But still what he has just been through was well beyond even his imagination. “Now that the tournament is over, I can say that the pressure has been enormous,” he admitted. “I can’t hide it, everybody was talking about it. It’s a huge tournament for me. I wanted to play well and not disappoint. There’s big pressure and I think I’ve grown a lot this week. I’ve gotten to know myself better. It’s been an enriching experience and I think it’s good for the rest of this season – and for the years to come. I’ve had a good first week here.”

In April, after he reached the semi-finals of the Miami Open and lost a close match to John Isner, Auger-Aliassime appeared on the wildly-popular Quebec talk show – Tout le monde en parle (everybody’s talking it about it) on Radio-Canada – at just 18 years old and handled himself with remarkable aplomb and intelligence.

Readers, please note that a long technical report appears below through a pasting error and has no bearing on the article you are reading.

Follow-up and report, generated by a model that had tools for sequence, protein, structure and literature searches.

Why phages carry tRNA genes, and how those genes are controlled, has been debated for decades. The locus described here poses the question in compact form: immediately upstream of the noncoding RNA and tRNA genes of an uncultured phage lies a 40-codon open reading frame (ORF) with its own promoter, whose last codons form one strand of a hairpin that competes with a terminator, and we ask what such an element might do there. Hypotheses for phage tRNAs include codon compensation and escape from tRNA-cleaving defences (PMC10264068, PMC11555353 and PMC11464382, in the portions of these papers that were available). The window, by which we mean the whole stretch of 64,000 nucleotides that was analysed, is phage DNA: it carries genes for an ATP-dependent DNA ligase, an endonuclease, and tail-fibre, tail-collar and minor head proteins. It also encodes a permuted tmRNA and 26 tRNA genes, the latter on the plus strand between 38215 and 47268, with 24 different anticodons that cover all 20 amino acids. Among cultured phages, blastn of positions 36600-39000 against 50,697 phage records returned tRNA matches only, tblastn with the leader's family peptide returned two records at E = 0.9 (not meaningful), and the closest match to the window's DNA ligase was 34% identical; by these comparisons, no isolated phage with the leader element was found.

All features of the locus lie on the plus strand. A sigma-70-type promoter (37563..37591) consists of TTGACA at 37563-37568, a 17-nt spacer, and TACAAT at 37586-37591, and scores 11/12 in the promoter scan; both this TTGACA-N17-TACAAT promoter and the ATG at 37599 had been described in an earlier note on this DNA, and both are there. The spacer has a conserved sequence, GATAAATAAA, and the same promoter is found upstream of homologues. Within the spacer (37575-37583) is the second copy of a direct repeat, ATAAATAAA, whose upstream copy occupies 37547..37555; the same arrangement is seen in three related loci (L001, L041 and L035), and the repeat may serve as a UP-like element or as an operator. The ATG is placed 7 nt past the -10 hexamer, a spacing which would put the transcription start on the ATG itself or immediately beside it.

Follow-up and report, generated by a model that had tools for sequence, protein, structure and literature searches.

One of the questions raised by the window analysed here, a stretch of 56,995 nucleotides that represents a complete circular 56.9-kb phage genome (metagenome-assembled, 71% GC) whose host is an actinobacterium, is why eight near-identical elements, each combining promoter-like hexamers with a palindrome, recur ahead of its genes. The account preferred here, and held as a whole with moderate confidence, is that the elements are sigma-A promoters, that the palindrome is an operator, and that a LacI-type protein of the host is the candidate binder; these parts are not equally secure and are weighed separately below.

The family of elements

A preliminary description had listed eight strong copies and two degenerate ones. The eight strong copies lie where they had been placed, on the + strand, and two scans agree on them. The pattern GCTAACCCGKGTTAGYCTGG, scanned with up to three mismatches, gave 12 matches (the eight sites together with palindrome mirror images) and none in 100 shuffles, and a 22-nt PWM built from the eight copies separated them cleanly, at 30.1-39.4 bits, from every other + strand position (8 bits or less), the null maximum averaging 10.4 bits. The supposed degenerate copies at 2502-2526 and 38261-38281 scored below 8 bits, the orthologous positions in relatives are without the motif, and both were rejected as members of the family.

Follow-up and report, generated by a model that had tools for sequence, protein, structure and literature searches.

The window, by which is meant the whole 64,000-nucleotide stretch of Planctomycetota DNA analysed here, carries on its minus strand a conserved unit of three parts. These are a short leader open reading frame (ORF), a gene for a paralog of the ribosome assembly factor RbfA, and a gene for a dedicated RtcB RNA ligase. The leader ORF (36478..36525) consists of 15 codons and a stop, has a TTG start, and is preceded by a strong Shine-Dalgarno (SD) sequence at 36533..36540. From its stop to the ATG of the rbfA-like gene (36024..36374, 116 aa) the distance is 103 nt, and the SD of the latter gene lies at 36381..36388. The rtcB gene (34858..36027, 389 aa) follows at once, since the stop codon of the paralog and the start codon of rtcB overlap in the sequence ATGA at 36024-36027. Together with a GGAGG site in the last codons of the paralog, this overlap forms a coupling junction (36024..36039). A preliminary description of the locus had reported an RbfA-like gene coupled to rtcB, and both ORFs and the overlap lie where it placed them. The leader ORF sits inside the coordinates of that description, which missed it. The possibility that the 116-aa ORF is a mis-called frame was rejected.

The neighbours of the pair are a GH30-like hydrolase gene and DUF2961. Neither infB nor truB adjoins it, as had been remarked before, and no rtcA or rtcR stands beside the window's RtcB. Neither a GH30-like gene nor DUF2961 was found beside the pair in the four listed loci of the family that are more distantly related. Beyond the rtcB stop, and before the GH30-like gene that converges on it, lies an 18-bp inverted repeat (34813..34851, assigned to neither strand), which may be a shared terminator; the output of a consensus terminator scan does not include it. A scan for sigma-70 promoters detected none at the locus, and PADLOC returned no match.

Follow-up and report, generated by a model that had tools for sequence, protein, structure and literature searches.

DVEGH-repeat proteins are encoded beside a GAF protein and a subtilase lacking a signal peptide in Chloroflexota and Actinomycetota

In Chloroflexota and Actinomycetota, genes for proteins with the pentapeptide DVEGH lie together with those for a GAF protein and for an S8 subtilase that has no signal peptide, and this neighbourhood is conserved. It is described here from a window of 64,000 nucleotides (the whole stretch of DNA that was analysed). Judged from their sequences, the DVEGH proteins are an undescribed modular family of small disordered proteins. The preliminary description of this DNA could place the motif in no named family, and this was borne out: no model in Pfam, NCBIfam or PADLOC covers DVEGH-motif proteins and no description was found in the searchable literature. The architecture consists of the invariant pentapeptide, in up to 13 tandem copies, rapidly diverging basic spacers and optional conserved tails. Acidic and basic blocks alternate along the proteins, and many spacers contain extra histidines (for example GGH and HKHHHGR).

At the end of his interview, as is the custom, Dany Turcotte, known as the fou du roi (court jester) on the programme, handed him a small card with pithy words on it and asked him to read it. The words were as follows, “every time you hit a ball, there are millions of Quebeckers who are hitting it with you – together we’re unbeatable.”

That was certainly reinforced by the fantastic support he received over the past three days at the 2019 Coupe Rogers.

SHAPOVALOV DOUBLES UP

Denis Shapovalov and his Indian partner reached the quarter-finals of the Coupe Rogers doubles event on Thursday with a 6-3, 6-4 victory over American Taylor Fritz and Kyle Edmund of Great Britain.

The Coupe Rogers is the fourth event Shapovalov and the 39-year-old Bopanna have played together this year. They have an 8-3 record and reached the final of the ATP 250 in Stuttgart in June.

On Friday, not before 6:30 pm on the Banque Nationale Court, they will face great friends Benoit Paire and Stan Wawrinka.

MONTREAL POST CARD

On a rainy afternoon this week, this group of kids were headed for a swim despite the inclement weather.

(Feature Photo: Sara-Jade Champagne)